I can really imagine such a thing – one of my favorite movies is 2001: A Space Odyssey, but I think the journeys to other habitable planets and actually living on another world are a long, long way off. Even getting to another solar system outside our own would require a vast and almost unimaginable amount of energy, and would be an extremely long trip at best, on human timescales. But it would be a wonderful adventure!

What discovery, which is within reach or at least imaginable, do you think could cause a dramatic shift in the course humanity is currently taking?

I think the largest discovery in terms of shaking up our society on Earth will be the discovery of life on another world. We know through spectroscopy that chemistry is uniform throughout the universe, and we know that organics are common everywhere. The only sample of cometary material returned to Earth, by the Stardust mission, contained amino acids. We know that countless worlds exist in the cosmos. The Milky Way Galaxy contains something like 400 billion stars, nearly all with planetary systems, we believe, and the universe holds at least 100 billion galaxies. The idea that life or advanced life only exists here is crazy. And yet we don’t yet have the evidence that life exists elsewhere. When it arrives, it will be psychologically and philosophically earth-shaking to everyone who is alive. 

FURTHER READING: ‘A woman from Mars’: Life in the pursuit of space exploration

As a science communicator, do you think we are successful in communicating scientific findings today that are trustworthy or believable by the majority of the population?

I think we are at the best moment in history thus far in terms of communicating science to the public. More high-quality science is happening now than ever before, and we are communicating the results in great detail. But the Internet does offer vast numbers of low-quality sites, along with all sorts of nonsense on social media, and so we need to constantly beat the drum that people need to think about sources and find high-quality, credible sources of information. Many people take any source of info they read at the same level, and of course there’s lots of nonsense out there along with meaningful information.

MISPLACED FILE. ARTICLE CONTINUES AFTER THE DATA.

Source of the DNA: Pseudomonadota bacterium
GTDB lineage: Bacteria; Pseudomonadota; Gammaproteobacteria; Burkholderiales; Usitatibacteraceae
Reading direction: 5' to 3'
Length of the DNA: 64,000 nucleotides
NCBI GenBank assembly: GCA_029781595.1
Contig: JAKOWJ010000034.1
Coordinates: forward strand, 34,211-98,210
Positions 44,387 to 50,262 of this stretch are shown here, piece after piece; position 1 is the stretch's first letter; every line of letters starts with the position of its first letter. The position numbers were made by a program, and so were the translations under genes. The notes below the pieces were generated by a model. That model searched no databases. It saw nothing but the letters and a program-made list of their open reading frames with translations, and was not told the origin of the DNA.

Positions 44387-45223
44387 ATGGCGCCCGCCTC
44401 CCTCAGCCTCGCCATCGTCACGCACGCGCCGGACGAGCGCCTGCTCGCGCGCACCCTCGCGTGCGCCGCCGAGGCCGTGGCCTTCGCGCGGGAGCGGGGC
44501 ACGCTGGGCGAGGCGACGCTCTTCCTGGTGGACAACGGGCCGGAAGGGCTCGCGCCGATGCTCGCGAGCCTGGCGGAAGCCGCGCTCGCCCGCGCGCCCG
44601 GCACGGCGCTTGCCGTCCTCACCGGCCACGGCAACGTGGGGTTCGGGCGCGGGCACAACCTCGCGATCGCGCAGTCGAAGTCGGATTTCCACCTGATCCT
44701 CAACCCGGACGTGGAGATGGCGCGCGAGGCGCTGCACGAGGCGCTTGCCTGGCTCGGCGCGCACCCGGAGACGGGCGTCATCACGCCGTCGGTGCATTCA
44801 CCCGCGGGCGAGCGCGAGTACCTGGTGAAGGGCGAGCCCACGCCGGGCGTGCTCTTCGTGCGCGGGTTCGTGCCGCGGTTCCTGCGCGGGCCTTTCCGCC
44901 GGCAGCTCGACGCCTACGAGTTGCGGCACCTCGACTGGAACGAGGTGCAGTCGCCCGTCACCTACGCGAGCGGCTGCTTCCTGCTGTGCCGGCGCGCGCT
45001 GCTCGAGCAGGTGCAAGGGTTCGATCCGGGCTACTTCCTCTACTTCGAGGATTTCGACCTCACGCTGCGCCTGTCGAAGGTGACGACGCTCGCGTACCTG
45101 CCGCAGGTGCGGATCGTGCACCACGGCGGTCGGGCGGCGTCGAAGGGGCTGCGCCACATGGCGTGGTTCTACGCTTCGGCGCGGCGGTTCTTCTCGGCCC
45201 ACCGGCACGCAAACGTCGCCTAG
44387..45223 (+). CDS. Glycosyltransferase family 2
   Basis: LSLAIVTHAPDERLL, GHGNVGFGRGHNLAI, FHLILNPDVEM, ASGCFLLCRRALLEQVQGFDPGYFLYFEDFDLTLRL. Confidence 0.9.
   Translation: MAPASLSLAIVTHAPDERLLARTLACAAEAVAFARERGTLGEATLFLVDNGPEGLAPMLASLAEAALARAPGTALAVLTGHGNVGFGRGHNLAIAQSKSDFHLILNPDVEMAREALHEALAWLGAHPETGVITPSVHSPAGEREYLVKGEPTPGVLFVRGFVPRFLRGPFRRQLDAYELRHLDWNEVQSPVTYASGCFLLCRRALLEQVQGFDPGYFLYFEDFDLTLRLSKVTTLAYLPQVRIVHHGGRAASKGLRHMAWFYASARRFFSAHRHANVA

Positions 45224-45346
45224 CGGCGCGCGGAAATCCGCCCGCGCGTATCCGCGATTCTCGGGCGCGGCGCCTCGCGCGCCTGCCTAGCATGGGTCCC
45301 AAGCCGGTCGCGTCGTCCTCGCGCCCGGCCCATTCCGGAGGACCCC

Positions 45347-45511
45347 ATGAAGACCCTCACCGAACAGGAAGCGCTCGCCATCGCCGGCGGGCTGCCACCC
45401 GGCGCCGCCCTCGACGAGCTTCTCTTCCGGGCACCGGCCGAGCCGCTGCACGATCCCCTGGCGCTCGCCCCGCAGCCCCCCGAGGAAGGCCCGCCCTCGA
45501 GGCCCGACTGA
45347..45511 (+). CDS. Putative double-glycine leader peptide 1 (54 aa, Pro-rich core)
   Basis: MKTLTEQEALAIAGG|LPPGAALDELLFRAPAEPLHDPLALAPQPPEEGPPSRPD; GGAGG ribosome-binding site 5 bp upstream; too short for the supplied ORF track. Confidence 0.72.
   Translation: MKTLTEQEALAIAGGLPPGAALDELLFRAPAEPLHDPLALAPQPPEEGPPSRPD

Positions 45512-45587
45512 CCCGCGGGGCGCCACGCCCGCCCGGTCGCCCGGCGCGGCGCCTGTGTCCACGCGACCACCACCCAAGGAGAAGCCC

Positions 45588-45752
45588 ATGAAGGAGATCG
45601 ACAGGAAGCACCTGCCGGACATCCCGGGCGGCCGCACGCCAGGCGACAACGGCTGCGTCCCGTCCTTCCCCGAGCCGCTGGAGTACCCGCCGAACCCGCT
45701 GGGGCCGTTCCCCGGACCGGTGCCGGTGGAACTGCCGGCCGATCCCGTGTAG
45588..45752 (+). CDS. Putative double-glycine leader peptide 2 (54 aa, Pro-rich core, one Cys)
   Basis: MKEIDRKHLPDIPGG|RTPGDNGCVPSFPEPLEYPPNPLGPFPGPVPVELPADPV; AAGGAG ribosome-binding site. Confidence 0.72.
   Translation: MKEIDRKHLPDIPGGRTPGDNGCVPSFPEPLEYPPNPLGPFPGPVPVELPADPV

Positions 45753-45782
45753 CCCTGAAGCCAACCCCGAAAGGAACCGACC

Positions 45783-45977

What do you think is currently the biggest mystery or challenge in the world of astronomy?

The biggest mystery in the world of astronomy is the nature of dark energy. In 1998 astronomers found that the expansion of the universe is accelerating, driven by an unseen force known as dark energy. We know that this force makes up about two-thirds of the matter/energy in the cosmos, and we don’t yet know what it’s made of. Would you like a guaranteed Nobel Prize? Solving the mystery of dark energy will get you one. 

What do we learn about humanity when we look into the distant reaches of space?

When we look into the distant reaches of space, we learn a vast amount about humanity. After all, we are, as Carl Sagan famously said, literally made of star stuff. The atoms in our bodies were literally produced either in the early days of the cosmos, in so-called Big Bang Nucleosynthesis, or mostly in the deaths of low-mass and high-mass stars. They are simply rearranged in our living bodies. So we are looking out into space to see our own origin story — where we came from, perhaps why we are here, and maybe even where we are going.

Some argue that it doesn’t make sense to explore the depths of space when we need to address serious problems here on Earth. What do you think are the greatest benefits of what we have already learned about the universe and space?

DE: The struggle between spending monies and effort on things right here on Earth and for exploration and understanding of the universe is an old one. On one hand, the exploration of space is an intellectual pursuit. If you don’t care at all about the nature of the universe you live in, or where you came from, or why you exist, and you simply want to have a good hamburger for lunch and be left alone, so be it. But the efforts and expense of exploring the cosmos have often paid off with enormous benefits in multiple ways, just as the early explorations of the globe via sailing ships also paid off in practical ways. Do you value having your cell phone? What it does for you in your everyday life? The space programs of NASA and other agencies have fueled all manner of technologies that also get used in everyday life. Without the Apollo program, you would have microchips the way we do now and your precious cell phone. And there are countless other examples of benefits that have come from scientific research. So it is really naïve to think of “either we explore the universe or make life better on Earth.” The two in fact are linked. 

Is the universe infinite?

This is a really good question, and the simple answer is that we don’t know!! 🙂 I mentioned dark energy before. We know that the size of the cosmos is at least 93 billion light-years — that’s the diameter of the visible universe we can observe. But in a complicated way, if dark energy is what we think it might be, then the universe might really be infinite. It sounds like science fiction, but it may be true. We just don’t know yet. Stay tuned! 

How does astronomy or astrophysics address the question of parallel universes?

Mathematics tells us that other universes could exist. In astrophysics we use the term multiverse a lot, short for multiple universes. But knowing that something is mathematically possible and actually observing it are two different things. By definition, we can observe things in our universe, but can’t see beyond it. So if other universes exist, we may never know. Some astronomers are toying with ideas that the evidence for other universes could somehow be imprinted in some way in our universe, and we could detect this, but this is a long way from certain. So there very well might be other universes, and the odds are leaning toward the notion that if there are, we may never know about them.

Thank you for your time.